Watch: Kavanaugh book authors battle The View’s Meghan McCain over New York Times uproar

Watch: Kavanaugh book authors battle The View’s Meghan McCain over New York Times uproar
Image via Screengrab.

The authors of a new book about U.S. Supreme Court Justice Brett Kavanaugh appeared on “The View” to explain some of the controversial aspects of an excerpt published by the New York Times.

Co-host Meghan McCain pressed authors Robin Pogrebin and Kate Kelly, whose book The Education of Brett Kavanaugh was published Tuesday, to explain an editor’s note that conservatives have argued invalidates some of their bombshell reporting about sexual misconduct allegations against the justice.

"Thank you for the question,” Kelly explained. “We’re eager to clear the air on this. First of all, there was no desire to withhold important information from our readers. We have all of it in the book and the essay is an adaptation of the book that of course we had to edit for length and clarity.”

“The thrust of the essay was about — probably a bad word choice — the point of the essay was about Debra Ramirez, a woman who had gone to college with Justice Kavanaugh and had this experience where she alleged that he exposed himself to her and it was a very troubling event, and we lay out all the reasons why that was, not just the moment itself but the experience she was having at Yale being very difficult,” Kelly added.

While reporting the book, they heard that Kavanaugh had exposed himself to another woman in a similar way, and they included those allegations because of the similarities — and Kelly said some information about those accusations were cut during the editing process, and were not intended to be deceptive.

“During the editing process there was an oversight and this key detail about the fact that the woman herself has told friends she doesn’t remember it and has not wanted to talk about it got cut, and it was an oversight and the Times adjusted it and we’re very sorry that it happened,” Kelly said.

McCain asked why they included the alleged victim’s name if she did not come forward with the allegations herself.

“Her name is in the book because we think it’s relevant information,” Kelly said, “and we think it’s accurate and we know that her name was provided to members of the Senate and the FBI by a witness named Max Stier, who is a good governance activist in Washington who’s a respected figure.”

McCain and fellow conservative Abby Huntsman were troubled by Stier’s past work as a member of President Bill Clinton’s defense team in the late 1990s, and they asked why that was not initially reported in the Times excerpt.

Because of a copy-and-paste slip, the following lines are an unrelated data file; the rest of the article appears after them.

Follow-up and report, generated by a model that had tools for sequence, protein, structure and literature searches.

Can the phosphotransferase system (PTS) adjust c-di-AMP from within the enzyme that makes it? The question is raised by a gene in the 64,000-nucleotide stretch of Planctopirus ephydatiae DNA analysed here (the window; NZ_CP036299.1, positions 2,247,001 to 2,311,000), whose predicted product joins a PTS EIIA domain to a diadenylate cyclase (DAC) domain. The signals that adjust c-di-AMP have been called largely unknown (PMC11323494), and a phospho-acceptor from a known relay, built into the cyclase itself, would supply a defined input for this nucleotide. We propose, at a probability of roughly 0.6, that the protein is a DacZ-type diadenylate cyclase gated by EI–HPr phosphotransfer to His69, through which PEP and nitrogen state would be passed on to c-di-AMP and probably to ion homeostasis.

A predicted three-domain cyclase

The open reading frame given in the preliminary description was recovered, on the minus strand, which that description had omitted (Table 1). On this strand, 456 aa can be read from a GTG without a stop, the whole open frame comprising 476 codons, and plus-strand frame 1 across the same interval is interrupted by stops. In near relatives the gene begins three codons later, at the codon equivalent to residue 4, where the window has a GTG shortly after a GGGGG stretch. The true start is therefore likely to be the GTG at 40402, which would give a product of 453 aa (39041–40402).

“I understand it’s relevant background,” Kelly agreed. “In this case it was a very short mention and we only talked in brief terms about what he’s doing right now, so we didn’t see all of that context to be necessary, but I understand why you’re bringing it up and I think it’s fair.”

The reporters said Stier’s name, and the second alleged victim’s reluctance to come forward, were removed in the editing process, in part to take the woman’s name out of the draft.

“As soon as we realized this, we corrected it and they wrote an editor’s note and they restored it,” Pogrebin said.

Pogrebin also revealed that she drafted a tweet sent out by the newspaper that was widely criticized as belittling the allegations against Kavanaugh, and she explained how it got posted.

“It was a misworded tweet, but what happens at the Times is the reporters are asked to draft Tweets and we’re also asked to draft headlines,” Pogrebin said. “They don’t always get used, sent out, they often don’t.”

She said her intent was nearly the opposite of the tweet’s reception.

“I drafted this with this in mind to have actually the opposite effect,” she added, “which is to anticipate those who would say, ‘A guy pulling down his pants at a party when they’re drunk is on the spectrum of sexual misconduct. It’s not sexual assault. It’s not rape. What’s the big deal?’”

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